Disney Nutrition Initiative Restricts Advertising

By ABC Jun 06, 2012

The Walt Disney Company on Tuesday announced plans to introduce new, healthy standards for food advertising in programming targeted toward children and families.  The standards, which apply to all Disney-owned properties, are designed to promote daily consumption of fruit and vegetables and restrict foods high in calories, fat and sodium.
 
Disney’s decision was met with praise from First Lady Michelle Obama.  “With this new initiative, Disney is doing what no major media company has ever done before in the U.S. -- and what I hope every company will do going forward," she said in a statement to Disney.  "When it comes to the ads they show and the food they sell, they are asking themselves one simple question: ‘Is this good for our kids?’”

Assistant chef and senior policy advisor for healthy initiatives Sam Kass agreed, “this is a big big deal… the private sector and companies are really taking the lead” and “helping families make the best decision for kids particularly through marketing.”
 
The nutrition standards are aligned with federal nutrition guidelines and will be fully enacted by 2015.  Disney established its first set of nutrition guidelines in 2006 and later used its popular show characters to educate kids about nutrition and living an engaged healthy lifestyle. 
 
“We’re proud of the impact we’ve had over the last six years,” Robert A. Iger, Chairman and CEO of The Walt Disney Company, said in a press release. “We’ve taken steps across our company to support better choices for families, and now we’re taking the next important step forward by setting new food advertising standards for kids.” Disney is the parent company of ABC.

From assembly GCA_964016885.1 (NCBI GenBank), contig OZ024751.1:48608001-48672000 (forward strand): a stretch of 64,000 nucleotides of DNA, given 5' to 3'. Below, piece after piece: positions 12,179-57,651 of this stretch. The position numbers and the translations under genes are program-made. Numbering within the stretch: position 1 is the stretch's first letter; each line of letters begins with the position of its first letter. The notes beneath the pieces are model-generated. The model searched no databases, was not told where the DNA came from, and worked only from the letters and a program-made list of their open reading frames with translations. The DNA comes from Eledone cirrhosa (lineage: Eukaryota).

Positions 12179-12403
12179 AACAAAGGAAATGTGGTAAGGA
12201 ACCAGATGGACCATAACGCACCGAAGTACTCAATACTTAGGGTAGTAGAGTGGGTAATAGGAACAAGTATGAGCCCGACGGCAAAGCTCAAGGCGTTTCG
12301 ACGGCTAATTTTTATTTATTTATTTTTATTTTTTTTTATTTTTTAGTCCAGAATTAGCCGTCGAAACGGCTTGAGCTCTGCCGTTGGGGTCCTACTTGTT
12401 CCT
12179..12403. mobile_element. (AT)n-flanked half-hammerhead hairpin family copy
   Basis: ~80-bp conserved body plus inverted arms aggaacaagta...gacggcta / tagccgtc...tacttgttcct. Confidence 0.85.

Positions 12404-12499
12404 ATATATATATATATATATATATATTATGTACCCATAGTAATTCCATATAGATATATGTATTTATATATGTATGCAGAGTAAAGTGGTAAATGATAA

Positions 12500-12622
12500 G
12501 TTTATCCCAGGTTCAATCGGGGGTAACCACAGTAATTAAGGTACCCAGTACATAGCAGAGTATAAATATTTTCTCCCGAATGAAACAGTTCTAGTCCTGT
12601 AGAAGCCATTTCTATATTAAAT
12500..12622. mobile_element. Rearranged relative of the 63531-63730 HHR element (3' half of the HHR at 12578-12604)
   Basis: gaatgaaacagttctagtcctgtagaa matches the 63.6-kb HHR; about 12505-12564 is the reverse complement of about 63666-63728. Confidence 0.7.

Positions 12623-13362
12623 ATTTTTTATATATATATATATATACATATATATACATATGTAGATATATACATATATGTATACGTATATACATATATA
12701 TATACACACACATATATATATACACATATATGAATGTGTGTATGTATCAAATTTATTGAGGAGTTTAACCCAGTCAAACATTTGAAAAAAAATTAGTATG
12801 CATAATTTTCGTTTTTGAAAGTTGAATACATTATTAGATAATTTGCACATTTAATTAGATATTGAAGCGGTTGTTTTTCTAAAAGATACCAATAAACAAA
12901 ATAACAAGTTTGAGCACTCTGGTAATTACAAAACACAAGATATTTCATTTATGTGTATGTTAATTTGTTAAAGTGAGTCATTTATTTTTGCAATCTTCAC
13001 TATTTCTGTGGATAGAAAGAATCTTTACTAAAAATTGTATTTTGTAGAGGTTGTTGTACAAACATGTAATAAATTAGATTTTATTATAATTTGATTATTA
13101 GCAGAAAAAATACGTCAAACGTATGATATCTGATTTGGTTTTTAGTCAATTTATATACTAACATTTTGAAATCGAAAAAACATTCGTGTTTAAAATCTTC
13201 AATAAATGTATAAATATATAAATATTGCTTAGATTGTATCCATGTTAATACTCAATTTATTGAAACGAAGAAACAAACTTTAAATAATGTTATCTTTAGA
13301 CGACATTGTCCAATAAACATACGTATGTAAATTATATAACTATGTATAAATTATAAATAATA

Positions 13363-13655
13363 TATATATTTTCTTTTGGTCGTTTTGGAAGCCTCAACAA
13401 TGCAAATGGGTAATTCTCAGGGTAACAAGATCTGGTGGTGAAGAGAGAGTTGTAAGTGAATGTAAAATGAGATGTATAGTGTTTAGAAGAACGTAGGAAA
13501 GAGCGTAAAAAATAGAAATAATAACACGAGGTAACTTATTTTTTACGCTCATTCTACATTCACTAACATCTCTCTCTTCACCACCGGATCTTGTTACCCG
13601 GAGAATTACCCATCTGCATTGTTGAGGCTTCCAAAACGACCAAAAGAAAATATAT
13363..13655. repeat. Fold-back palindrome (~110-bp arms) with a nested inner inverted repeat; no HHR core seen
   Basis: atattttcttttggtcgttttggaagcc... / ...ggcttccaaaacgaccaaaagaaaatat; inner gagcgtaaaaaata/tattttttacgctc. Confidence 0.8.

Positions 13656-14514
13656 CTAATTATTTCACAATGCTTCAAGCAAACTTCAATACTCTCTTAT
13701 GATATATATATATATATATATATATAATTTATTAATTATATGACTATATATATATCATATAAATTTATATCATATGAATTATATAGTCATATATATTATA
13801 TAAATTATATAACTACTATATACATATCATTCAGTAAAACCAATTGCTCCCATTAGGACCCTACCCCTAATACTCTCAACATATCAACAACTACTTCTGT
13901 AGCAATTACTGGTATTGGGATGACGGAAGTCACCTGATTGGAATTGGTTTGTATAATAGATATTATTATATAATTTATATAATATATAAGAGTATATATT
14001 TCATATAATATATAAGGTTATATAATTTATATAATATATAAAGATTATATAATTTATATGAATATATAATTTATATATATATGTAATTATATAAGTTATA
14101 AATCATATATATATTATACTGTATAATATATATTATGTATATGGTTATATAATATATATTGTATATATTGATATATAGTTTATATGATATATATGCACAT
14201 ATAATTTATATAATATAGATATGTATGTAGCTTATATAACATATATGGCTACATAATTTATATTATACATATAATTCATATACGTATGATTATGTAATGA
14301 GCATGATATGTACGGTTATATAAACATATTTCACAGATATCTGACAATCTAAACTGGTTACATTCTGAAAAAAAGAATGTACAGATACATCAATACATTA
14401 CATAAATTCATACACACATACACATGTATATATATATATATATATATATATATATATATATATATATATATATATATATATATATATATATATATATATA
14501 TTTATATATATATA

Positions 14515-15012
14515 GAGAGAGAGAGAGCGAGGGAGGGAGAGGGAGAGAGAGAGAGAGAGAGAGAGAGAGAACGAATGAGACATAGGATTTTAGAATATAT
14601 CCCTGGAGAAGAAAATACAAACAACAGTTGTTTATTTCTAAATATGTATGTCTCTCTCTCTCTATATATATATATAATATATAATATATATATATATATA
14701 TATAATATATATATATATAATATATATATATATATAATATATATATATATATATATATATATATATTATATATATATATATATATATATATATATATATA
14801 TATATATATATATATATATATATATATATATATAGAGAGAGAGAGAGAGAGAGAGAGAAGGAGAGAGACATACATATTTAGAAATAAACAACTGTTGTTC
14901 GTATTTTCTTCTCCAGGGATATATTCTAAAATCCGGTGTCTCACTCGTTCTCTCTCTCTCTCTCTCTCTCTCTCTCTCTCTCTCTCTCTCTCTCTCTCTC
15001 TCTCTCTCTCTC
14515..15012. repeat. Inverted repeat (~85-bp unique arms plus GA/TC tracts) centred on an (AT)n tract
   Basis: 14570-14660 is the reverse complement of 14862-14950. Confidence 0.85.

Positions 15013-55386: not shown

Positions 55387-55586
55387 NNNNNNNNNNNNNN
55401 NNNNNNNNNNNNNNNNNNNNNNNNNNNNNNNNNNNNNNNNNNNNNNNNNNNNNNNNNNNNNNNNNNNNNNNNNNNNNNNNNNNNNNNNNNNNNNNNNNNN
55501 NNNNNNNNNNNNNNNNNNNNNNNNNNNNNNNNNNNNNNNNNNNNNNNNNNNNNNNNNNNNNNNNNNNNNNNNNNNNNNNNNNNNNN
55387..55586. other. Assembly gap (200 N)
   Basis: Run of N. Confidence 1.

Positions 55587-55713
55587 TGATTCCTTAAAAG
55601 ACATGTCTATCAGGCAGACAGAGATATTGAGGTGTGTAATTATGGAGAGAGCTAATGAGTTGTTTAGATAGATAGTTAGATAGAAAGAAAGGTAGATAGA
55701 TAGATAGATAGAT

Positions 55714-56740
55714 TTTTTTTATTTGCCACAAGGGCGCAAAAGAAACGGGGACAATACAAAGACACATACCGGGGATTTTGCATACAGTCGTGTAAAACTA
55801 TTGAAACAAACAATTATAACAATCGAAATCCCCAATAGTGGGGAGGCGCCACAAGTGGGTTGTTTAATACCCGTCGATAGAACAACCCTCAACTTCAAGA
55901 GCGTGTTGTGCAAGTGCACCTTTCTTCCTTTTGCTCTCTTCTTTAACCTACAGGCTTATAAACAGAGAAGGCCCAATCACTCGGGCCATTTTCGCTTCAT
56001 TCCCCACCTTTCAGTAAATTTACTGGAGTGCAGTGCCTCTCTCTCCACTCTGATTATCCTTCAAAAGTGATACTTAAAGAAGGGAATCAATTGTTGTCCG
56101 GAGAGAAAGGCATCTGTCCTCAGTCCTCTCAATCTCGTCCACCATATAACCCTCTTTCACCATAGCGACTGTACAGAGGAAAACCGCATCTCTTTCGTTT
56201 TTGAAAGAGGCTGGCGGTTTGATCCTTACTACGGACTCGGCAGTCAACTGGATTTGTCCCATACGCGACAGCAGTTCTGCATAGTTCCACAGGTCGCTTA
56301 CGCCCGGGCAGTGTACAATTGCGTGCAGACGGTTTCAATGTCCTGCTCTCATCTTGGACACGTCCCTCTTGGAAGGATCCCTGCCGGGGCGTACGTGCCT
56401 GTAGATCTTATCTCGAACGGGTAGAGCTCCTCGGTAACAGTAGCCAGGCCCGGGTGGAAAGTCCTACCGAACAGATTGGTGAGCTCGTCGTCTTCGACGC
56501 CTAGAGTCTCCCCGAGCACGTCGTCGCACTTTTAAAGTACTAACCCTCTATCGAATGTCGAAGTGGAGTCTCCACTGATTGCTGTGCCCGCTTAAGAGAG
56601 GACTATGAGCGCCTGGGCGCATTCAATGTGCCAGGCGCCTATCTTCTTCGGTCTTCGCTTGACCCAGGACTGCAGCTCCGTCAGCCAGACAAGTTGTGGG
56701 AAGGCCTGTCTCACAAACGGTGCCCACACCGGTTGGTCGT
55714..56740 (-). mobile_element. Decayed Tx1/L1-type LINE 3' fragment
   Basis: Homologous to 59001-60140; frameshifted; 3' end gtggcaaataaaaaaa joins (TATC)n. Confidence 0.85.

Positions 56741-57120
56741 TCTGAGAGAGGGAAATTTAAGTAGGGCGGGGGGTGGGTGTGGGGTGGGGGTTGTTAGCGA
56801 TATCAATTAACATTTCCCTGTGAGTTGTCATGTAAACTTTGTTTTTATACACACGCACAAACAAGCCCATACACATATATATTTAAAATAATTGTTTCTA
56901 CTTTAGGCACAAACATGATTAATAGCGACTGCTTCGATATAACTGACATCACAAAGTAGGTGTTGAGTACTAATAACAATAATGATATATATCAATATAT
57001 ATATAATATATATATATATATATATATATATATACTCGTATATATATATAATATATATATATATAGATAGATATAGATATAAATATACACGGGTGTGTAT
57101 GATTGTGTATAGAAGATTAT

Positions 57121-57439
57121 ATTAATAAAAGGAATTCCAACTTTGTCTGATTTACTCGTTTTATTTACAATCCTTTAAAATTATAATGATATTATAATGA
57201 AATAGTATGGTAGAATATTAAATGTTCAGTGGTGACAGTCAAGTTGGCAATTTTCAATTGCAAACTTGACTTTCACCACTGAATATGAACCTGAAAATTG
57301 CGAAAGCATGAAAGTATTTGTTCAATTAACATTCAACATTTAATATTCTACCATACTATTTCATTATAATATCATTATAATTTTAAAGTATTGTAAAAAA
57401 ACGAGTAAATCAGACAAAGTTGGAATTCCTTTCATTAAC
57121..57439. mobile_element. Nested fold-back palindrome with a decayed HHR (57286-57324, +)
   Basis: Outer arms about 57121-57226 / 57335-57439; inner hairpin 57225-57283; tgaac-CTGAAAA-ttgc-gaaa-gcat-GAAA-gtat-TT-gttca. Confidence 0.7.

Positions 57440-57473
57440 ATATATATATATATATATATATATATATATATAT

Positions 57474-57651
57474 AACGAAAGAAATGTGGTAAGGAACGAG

In addition to the advertising commitment, the new initiative includes a Mickey Check Tool, which will highlight all nutritious foods sold in stores, online and at restaurants in Disney's U.S. Parks and Resorts.

“Making healthy eating and physical activity fun is central to creating healthier generations to come,” Dr. James O. Hill, who worked with Disney to develop its nutrition guidelines and who is executive director of the Anschutz Health & Wellness Center at the University of Colorado, said in a recent press release. “Disney is using ‘magic’ –- fun and creativity –- to encourage kids and families to make positive changes, and it is working.”

Assistant White House Chef Sam Kass elaborates above.